Use this URL to cite or link to this record in EThOS: http://ethos.bl.uk/OrderDetails.do?uin=uk.bl.ethos.713977
Title: National security, risk, and accountability : the closed material procedure
Author: Hooper, Hayley Jayne
Awarding Body: University of Oxford
Current Institution: University of Oxford
Date of Award: 2015
Availability of Full Text:
Access through EThOS:
Full text unavailable from EThOS. Restricted access.
Access through Institution:
Abstract:
This thesis explores issues of procedural fairness across the major statutory counterterrorism powers which require the Closed Material Procedure (CMP) in judicial review. It also considers the Justice and Security Act 2013 which applies to civil proceedings of any nature engaging national security concerns on a discretionary basis. The analysis construes procedural fairness broadly by considering its application both in the curial context and inside the relevant administrative organisations. It argues that procedural fairness in the CMP should be understood as part of the routine risk-management responsibilities of administration and administrative law, as opposed to an initiative which is 'exceptional' by virtue of its national security subject matter. Procedural fairness in the CMP could be invigorated by taking seriously the presence of risk and risk assessment in the application of the statutory powers by the executive and in the operation of the CMP itself. This thesis also argues that the extension of the CMP to damages actions under the Justice and Security Act 2013 raises greater normative problems than actions in the existing province of the CMP. This is because such claims, whilst not the sole province of the Act, concern executive accountability for tortious actions, as opposed to judicial review of executive riskmanagement of terrorism. The analysis concludes with two critical recommendations for improving procedural fairness in law and administration in the relevant subject matters; but ultimately recognises that these are but a first step in a broader project which requires the development of an interdisciplinary substantive theory of necessary secrecy.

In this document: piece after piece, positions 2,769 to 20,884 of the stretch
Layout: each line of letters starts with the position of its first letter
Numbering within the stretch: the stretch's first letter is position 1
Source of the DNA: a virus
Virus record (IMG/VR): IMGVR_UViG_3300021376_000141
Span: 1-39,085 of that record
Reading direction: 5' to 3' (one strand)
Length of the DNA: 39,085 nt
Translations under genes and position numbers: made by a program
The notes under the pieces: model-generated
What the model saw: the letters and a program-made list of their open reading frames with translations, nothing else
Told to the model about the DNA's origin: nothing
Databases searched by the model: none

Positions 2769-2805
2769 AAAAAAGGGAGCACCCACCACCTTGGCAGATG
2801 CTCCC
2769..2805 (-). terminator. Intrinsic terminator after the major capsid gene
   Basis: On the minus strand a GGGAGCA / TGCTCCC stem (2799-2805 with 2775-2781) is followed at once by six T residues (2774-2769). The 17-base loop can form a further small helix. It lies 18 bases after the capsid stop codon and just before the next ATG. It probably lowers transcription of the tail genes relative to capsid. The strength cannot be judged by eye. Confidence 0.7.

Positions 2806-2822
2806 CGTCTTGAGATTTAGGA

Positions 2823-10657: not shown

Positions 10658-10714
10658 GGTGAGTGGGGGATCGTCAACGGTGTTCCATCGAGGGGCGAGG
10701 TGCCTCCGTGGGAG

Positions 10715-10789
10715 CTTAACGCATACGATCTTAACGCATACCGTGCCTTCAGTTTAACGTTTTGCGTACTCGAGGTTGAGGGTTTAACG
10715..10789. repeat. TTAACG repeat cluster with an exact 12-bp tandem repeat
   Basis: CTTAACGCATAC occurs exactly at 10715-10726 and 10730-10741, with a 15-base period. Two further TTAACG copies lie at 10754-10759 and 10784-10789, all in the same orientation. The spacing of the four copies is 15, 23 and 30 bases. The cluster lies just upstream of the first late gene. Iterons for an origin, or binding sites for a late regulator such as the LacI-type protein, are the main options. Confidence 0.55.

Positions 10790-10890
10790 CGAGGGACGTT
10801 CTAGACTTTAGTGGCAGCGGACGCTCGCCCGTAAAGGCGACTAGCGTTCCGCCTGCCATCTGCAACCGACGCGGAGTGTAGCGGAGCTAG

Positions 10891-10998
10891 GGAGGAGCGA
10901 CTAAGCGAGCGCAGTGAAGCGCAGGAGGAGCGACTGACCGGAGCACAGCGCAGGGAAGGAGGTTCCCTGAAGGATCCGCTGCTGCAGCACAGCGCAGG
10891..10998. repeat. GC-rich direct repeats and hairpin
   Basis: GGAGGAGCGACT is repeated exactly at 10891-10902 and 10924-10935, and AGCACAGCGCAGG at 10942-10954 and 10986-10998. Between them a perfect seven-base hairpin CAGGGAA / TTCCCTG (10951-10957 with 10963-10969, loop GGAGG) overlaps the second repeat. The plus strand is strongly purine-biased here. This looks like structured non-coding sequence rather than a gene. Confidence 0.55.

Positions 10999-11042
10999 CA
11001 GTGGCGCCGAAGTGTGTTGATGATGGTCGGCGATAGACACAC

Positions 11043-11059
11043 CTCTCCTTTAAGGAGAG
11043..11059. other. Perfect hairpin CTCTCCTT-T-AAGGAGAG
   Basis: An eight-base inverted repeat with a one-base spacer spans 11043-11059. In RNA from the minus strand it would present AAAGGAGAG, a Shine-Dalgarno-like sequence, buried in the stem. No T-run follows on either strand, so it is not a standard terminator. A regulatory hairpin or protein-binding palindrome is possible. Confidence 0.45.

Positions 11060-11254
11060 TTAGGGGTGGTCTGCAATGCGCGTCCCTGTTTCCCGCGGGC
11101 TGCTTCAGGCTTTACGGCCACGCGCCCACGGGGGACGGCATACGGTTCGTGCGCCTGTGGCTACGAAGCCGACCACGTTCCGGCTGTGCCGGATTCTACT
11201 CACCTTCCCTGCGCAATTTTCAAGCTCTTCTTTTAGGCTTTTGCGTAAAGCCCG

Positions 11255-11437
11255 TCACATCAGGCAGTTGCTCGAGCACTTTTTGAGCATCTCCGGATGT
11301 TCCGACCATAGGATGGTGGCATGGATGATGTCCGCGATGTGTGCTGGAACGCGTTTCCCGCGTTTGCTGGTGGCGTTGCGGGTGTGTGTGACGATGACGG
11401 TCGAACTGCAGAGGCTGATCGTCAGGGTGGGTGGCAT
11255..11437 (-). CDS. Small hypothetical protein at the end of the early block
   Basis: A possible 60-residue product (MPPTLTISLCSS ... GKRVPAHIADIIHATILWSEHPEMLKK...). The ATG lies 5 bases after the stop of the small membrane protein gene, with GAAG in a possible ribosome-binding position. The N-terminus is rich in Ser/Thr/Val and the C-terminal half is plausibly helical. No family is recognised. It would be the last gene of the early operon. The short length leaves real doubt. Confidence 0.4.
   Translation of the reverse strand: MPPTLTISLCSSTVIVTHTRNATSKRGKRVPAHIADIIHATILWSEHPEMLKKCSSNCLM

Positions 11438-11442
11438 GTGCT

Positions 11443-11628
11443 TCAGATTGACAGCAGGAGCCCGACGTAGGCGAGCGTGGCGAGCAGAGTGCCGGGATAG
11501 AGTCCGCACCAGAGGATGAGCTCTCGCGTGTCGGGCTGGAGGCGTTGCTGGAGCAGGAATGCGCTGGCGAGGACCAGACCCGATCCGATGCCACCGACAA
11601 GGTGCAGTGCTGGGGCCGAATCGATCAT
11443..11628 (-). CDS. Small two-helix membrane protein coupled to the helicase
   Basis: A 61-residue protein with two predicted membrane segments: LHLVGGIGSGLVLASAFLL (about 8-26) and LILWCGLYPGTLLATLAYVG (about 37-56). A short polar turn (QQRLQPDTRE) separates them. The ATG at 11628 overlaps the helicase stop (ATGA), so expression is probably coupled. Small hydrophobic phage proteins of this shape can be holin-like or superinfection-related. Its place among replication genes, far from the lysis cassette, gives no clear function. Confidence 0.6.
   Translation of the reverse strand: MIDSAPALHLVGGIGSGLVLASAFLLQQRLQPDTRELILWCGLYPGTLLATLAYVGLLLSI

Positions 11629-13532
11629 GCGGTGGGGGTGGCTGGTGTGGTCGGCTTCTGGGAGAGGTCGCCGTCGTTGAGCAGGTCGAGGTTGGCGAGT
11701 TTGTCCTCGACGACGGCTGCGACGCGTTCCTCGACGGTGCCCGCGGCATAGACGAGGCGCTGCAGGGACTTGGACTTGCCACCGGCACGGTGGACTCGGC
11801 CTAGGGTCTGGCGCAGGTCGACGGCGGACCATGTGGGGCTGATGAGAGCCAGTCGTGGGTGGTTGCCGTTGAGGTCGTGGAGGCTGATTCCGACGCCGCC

Supervisor: Craig, Paul Sponsor: Carnegie Trust for the Universities of Scotland
Qualification Name: Thesis (Ph.D.) Qualification Level: Doctoral
EThOS ID: uk.bl.ethos.713977  DOI: Not available
Share: